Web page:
The financial world is making excellent cinema in all its incarnations. In the many financial movies that Hollywood has made over the years, tragedy, comedy, ingenuity, disaster, and redemption are all present. While most of the films depict economic experts in a less than flattering light, the incredible tales of excess, risk-taking and, of course, greed makes the cinema compelling and required viewing for anyone who thinks about or is already working in the biz.
The Big Short- Based on the nonfiction novel ‘The Big Short’: Inside Michael Lewis ‘ Doomsday Machine, the financial film follows some savvy X as they become conscious of the housing bubble that caused the financial crisis in 2007-2008, ahead of anyone else. For instance, it is renowned for its smart manner of breaking down advanced financial instruments by having Selena Gomez explain what synthetic CDOs are on a poker table, or having Margot Robbie justify mortgage-backed bonds in a champagne tub.
Barbarians at the Gates- A mainly forgotten 1993 TV film focused on RJR Nabisco’s leveraged buyout (LBO). While the film takes creative freedoms to portray this real-life event, the audience will be surprised and amused by Nabisco’s CEO F. Ross Johnson’s incompetence and greed, as well as the negotiations and skullduggery behind the scenes around this renowned LBO.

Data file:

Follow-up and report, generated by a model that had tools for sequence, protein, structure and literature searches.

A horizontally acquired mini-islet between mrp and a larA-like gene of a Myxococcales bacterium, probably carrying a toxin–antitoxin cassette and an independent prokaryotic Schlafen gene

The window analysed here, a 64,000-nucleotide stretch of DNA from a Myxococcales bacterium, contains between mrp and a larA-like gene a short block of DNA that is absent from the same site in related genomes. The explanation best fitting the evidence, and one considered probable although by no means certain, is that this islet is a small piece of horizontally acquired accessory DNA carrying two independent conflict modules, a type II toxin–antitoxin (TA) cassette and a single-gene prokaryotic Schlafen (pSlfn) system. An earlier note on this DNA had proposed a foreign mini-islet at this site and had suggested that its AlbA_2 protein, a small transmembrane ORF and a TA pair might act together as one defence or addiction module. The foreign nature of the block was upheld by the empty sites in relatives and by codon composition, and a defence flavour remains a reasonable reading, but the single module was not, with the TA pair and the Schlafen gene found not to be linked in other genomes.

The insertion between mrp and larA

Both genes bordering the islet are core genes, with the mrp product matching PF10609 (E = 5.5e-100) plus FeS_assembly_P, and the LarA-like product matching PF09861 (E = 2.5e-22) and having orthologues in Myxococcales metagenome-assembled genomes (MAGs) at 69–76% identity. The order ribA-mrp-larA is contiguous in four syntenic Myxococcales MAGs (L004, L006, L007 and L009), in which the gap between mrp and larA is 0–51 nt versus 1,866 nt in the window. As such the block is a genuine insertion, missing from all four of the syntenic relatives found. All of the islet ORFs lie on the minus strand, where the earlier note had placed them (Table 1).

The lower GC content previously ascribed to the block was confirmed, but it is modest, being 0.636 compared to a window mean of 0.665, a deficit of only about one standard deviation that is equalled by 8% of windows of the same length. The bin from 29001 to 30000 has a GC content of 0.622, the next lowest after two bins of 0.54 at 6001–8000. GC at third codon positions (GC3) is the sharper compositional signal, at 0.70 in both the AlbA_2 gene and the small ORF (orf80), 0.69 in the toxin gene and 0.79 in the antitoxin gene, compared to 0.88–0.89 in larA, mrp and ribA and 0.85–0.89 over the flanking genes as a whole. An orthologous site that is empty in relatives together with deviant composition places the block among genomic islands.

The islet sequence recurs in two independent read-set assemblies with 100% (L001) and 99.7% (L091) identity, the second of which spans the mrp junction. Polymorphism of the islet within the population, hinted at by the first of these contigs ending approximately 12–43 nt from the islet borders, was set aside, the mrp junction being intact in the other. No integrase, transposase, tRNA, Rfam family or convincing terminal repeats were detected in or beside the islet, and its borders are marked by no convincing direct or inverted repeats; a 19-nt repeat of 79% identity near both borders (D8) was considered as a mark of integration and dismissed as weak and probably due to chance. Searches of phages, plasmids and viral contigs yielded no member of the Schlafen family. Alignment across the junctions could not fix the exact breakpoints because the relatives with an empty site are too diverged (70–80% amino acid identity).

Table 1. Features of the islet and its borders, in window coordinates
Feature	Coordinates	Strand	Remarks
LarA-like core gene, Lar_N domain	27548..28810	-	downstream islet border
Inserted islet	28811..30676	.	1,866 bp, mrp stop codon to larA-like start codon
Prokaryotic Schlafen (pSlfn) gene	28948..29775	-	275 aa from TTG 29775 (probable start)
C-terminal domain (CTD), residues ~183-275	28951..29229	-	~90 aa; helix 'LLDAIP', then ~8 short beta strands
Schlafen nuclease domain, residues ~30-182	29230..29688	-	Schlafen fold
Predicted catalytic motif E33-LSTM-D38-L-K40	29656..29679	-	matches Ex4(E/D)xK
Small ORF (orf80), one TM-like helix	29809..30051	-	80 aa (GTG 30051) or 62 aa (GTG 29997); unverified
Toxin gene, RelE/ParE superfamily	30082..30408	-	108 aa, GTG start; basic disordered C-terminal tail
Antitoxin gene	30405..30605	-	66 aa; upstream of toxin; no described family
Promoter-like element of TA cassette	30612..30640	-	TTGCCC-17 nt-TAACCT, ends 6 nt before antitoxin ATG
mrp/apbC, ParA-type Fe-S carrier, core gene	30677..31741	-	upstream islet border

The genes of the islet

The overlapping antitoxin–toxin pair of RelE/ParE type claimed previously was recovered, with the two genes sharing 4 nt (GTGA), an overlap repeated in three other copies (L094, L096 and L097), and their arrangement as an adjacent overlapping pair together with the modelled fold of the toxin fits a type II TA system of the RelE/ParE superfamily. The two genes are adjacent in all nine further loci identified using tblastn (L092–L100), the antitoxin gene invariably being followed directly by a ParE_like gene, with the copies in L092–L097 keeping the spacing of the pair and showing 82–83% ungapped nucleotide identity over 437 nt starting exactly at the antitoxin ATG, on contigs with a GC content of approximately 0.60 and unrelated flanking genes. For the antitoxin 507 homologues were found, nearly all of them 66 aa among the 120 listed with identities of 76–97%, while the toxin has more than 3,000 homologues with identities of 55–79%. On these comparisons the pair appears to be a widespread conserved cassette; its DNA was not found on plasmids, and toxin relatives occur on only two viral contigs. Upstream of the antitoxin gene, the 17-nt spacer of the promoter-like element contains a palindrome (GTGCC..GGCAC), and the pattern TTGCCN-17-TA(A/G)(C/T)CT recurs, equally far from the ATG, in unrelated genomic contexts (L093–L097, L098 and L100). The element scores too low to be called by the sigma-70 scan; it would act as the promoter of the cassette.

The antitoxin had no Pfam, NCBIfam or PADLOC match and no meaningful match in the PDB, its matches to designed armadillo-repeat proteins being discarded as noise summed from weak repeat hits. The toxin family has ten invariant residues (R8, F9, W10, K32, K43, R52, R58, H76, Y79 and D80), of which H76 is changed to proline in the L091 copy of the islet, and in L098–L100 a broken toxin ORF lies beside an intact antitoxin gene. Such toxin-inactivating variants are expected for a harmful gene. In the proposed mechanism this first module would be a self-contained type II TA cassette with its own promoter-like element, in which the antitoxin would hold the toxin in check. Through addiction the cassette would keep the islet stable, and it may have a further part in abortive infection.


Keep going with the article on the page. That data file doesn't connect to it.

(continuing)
American Psycho- Christian Bale performs a rich investment banker with a dark secret, a brutal and thought-provoking thriller set in the background of finance. While in this film there is very little real finance, American Psycho sheds light on the surreal world populated by the elite class of finance, and the utter disconnection between themselves and reality.
Rogue Trader- This excellent movies on finance shows the tale of Nick Leeson, a trader who alone created Barings Bank’s insolvency, the second oldest merchant bank in the world. A growing star on the trading floor in Singapore, Leeson blew up as rapidly as he rose, hiding huge losses from his superiors in closely concealed accounts, eventually leading to the mom of all unsuccessful trades on a short straddle position on the Nikkei, which ends up experiencing a big sigma move. While the film itself is decently fun, the tale of Leeson provides a wonderful lesson in risk management and economic supervision.
Trading Places- This modern-day take on The Prince and Pauper features Eddie Murphy as a street-facing artist who gets tricked into becoming the manager of a commodities trading company while unwittingly replacing his successor, Dan Aykroyd’s blue-blooded CEO. Although real trading takes a chance to the characters transitioning into their new situations, in the orange juice futures pits, the final 15 minutes of the financial film has a very precise portrayal of a frenzied trading session. This scene alone is worth the admission price without revealing the details, but the supporting cast, the nostalgia of the 80s, and great acting from the leads make it a must-watch.